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Posts Tagged ‘Mexican Honey Wasps’

We’re not bees, if you please…

Large paper nests in South Central Texas trees most likely home to honey wasps

Many residents in the lower portion of the state have reported large, gray football- or basketball-shaped nests in their trees. These are most likely honey wasp nests, according to the AgriLife Extension entomologist in Bexar County. (Texas A&M AgriLife Extension Service photo by Molly Keck)

Many residents in the lower portion of the state have reported large, gray football- or basketball-shaped nests in their trees. These are most likely honey wasp nests, according to the AgriLife Extension entomologist in Bexar County. (Texas A&M AgriLife Extension Service photo by Molly Keck)

SAN ANTONIO – If there’s a large, gray ball-shaped nest in your tree, the insects inside likely aren’t bees but Mexican honey wasps, according to a Texas A&M AgriLife Extension Service entomologist in San Antonio.

“I’ve been getting a lot more calls than normal from people throughout Bexar County saying they’re finding large round nests in trees on their property,” said Molly Keck, AgriLife Extension integrated pest management specialist for Bexar County.  “They’re worried they have bees nesting in their trees, but these are probably honey wasps. These wasps are smaller than bees – about the same size as a housefly — and are non-aggressive.”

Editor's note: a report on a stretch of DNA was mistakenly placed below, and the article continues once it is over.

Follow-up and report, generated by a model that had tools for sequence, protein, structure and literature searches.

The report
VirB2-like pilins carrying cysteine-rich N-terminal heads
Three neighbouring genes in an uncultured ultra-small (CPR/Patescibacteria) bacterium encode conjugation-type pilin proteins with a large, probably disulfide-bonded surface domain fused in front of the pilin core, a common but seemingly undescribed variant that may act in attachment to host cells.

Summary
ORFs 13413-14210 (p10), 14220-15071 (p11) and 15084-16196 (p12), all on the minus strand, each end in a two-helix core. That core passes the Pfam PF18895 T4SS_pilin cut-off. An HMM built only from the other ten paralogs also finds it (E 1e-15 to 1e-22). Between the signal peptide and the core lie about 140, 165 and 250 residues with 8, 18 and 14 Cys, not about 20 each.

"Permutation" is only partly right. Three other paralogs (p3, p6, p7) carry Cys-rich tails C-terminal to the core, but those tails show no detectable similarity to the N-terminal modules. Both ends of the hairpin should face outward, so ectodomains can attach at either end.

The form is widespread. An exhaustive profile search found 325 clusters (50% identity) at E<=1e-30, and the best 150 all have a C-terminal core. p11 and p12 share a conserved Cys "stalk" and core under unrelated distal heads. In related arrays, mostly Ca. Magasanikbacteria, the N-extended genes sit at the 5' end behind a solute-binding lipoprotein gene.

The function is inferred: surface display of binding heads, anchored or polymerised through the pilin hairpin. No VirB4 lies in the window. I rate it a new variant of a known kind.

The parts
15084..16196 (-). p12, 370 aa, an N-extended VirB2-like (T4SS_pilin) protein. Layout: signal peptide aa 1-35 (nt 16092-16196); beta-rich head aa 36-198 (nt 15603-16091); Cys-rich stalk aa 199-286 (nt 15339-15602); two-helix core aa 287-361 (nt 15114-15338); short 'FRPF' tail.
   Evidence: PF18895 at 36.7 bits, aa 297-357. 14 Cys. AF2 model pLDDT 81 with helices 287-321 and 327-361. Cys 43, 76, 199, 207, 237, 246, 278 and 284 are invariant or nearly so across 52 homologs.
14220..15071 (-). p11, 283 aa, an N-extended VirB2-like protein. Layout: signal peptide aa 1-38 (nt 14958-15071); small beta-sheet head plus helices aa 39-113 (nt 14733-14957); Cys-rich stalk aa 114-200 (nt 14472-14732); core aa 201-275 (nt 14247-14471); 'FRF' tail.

These wasps can easily be distinguished from bees, Keck said.

“They’re not hairy like bees,” she said, “and in addition to being much smaller, honey wasps are nearly all black and don’t have any of the typical bee markings.”

Keck said the Mexican honey wasp, Brachygastra mellifica, is a social species that builds paper nests in the canopies of trees and shrubs.

“By contrast, honey bees in the wild tend to colonize more in the cavities of large trees or openings in walls or overhangs as opposed to building nests in trees,” Keck noted.

While there are 16 different species of Mexican honey wasps, only one species has been reported in Texas, she said.

“However, in addition to the south and south-central portion of Texas, they’re found throughout Mexico and Central America,” she said.

Honey wasp colonies can become quite large, with some containing several thousand wasps, Keck said.

 “It can cause concern when people see a large basketball- or football-shaped nest attached to the branches of a tree or shrub,” she said. “But these wasps typically live peacefully with their human neighbors. However, if you climb into the tree or throw rocks at the nest or squirt it with water or do something else disruptive, the wasps will become irritated and that will increase your chance of being stung.”

Keck said walking past a tree harboring a wasp nest, mowing the lawn, closing a car door or going about regular outdoor activities will largely go unnoticed by the wasps.

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